Book Review: M. V. Nadkarni, N. Sivanna and Lavanya Suresh, Decentralised Democracy in India: Gandhi’s Vision and Reality

Date01 December 2018
AuthorE. Venkatesu
Published date01 December 2018
Subject MatterBook Reviews
Book Reviews 317
nor to the classic studies of the Dravidian movement by Marguerite Ross Barnett and by Rajadurai and
Geetha, and it seems to end around 2004. The framework set out by M. P. Singh invites a broad and a
descriptive account of the context of the politics of each of the states. And then, in practice, if not accord-
ing to the intentions of the project, different authors have generally focused on providing an analysis of
the history of the electoral/party politics. The extent to which there is discussion on ‘secularization,
federalization, economic liberalization and sustainable development’ varies a good deal from chapter to
chapter, and sometimes these themes appear hardly at all. The collection lacks a strong comparative
focus. Singh writes of the studies contained in the book, edited by Myron Weiner that, ‘No overarching,
systematic explanatory framework emerged [from them]’ (p. 3). The same might well be said of this
collection, and it is not at all surprising that the short conclusion is quite vacuous.
By comparison, several of the earlier studies of state politics had a strong comparative focus. Frankel
and Rao, in the studies that they brought together in two volumes published in 1989 and 1990, were
concerned with the extent and implications of ‘the decline of dominance’. Atul Kohli, in work carried on
over more than three decades, and the present author, in several studies, have been interested in the
implications of differences in state politics for economic development and distribution. Scholars in the
book, edited by Rob Jenkins were interested to analyse the variations across states in relation to several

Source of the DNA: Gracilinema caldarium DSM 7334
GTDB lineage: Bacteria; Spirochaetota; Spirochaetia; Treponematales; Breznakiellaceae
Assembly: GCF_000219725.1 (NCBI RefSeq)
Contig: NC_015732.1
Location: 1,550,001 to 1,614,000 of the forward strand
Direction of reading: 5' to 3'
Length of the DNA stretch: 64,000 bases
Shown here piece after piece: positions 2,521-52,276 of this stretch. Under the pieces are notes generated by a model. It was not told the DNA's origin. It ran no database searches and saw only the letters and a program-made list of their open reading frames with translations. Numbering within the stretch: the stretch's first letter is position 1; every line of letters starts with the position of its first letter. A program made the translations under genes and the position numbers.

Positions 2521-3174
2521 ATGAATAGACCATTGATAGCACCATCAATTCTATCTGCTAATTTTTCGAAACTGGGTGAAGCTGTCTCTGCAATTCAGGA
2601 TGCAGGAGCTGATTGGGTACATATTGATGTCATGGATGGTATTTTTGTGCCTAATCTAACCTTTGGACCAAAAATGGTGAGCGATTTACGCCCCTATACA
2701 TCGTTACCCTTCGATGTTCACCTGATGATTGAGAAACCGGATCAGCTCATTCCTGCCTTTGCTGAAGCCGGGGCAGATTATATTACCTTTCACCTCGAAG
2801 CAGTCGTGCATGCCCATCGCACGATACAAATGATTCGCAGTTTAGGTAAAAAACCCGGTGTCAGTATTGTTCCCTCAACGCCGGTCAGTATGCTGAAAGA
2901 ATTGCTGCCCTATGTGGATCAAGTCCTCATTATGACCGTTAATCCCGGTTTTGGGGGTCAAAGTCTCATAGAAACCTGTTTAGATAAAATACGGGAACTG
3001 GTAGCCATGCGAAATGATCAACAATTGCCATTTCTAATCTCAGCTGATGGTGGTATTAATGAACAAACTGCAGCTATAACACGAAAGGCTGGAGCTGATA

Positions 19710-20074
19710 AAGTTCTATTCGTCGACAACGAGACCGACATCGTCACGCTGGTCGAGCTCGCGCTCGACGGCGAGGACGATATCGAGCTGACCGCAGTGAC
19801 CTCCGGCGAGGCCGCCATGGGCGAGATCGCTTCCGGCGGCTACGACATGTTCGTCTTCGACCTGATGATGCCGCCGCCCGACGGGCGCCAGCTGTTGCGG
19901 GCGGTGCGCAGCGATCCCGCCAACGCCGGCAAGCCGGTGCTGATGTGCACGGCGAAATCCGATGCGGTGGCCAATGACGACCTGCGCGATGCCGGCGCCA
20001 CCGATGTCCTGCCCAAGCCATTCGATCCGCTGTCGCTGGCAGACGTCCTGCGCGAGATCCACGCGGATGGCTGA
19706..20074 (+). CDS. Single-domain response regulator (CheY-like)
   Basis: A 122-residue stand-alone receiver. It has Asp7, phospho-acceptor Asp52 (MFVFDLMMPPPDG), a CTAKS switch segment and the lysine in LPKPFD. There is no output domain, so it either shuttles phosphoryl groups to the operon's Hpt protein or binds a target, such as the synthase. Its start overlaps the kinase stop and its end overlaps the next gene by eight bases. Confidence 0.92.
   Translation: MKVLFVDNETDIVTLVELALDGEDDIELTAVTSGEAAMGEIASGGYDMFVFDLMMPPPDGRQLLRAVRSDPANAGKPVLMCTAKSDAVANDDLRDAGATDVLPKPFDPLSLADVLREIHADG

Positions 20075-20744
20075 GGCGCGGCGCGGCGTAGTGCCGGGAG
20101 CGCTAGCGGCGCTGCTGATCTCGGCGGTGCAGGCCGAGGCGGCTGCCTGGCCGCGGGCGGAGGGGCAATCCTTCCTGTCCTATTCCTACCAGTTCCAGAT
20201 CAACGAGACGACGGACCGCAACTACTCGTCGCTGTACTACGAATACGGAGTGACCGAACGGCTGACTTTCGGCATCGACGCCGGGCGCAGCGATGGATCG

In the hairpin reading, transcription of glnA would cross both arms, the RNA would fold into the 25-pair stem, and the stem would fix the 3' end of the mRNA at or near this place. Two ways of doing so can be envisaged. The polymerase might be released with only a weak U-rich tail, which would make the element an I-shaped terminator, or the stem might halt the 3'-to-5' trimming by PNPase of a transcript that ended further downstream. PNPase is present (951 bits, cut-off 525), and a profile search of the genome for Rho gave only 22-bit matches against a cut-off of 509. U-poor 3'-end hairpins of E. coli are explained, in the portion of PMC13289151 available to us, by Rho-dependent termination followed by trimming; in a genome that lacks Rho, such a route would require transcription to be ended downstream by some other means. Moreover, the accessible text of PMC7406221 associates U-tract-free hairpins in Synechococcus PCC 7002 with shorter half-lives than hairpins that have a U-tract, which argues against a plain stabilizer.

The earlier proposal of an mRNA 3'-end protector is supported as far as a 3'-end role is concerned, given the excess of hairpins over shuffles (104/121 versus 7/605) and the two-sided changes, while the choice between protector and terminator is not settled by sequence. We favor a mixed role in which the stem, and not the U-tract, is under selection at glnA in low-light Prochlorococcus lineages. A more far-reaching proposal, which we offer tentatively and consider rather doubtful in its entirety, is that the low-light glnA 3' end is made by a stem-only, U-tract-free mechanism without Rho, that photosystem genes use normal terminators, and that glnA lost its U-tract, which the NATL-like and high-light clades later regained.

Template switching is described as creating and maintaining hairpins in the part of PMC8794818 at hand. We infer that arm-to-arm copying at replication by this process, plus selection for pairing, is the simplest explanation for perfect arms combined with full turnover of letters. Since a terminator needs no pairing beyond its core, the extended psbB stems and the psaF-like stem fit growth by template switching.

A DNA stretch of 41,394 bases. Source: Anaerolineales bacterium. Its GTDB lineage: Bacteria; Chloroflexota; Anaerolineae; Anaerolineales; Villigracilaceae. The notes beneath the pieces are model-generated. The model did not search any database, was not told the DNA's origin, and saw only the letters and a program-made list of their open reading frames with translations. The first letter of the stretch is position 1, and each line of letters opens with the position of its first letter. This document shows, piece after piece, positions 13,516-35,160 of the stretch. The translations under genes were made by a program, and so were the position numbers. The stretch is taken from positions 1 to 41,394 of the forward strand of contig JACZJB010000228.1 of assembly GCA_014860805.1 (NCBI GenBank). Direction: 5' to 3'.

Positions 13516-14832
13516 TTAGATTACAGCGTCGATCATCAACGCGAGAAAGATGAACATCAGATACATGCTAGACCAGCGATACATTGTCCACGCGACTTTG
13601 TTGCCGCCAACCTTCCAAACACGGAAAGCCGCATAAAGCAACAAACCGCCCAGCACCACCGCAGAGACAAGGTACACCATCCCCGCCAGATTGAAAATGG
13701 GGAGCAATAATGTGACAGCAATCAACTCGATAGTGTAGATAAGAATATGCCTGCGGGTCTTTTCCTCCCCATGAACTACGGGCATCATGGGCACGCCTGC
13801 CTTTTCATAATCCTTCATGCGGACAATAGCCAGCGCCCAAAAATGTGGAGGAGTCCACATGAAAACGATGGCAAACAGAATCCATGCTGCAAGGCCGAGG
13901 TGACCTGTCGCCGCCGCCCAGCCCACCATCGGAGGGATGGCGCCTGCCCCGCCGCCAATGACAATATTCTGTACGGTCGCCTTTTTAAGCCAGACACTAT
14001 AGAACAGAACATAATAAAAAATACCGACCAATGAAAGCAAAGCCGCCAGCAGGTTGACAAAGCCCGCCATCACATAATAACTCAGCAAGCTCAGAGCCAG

themes, including differences in responses to economic liberalization.
The comparative focus of these studies, and others, is both their strength, and perhaps in some sense
a weakness, as well, since they do not necessarily provide a through-going history of the politics of the
states with which they deal. It is here, that the book under review makes its contribution, for the best of
the individual studies do provide a historical account of the development of the politics of the state or
territory with which they are concerned, generally focusing on the story of the rise and fall of different
political parties, and offering some analysis of the social and economic context, with comment on
specific ‘local’ themes (such as the Telangana movement in the chapter on the old Andhra Pradesh,
deindustrialization in Bihar or social movements in Karnataka). In sum, the collection is more or less
useful, depending on which case the reader is interested in, but it falls far short of being the authoritative
volume that the editors aimed at.
John Harriss
Simon Fraser University, Canada
M. V. Nadkarni, N. Sivanna and Lavanya Suresh, Decentralised Democracy in India: Gandhi’s Vision and
Reality. New Delhi: Routledge. 2018. 420 pages. `1,295.
DOI: 10.1177/2321023018797798
The first part of this book is an attempt to bring back the neglected debate on the Gandhian idea of
a democratic decentralizing process in the context of a state, market and civil society paradigm, and
the second presents the historical narration of the functioning of local bodies in India. In the first three
chapters, the authors highlight the Gandhian notion of democratic decentralization while contesting
two frameworks: the ‘principle of subsidiarity’ and the ‘principal-agent theory’. The first one refers
to devolution of functions from citizens to community and community to local governance. The second
one is a top-down approach, emphasizing the centralized authority with an ‘agency’ at the local level
to carry forward the agenda of the centralized political system. From the authors’ perspective, these

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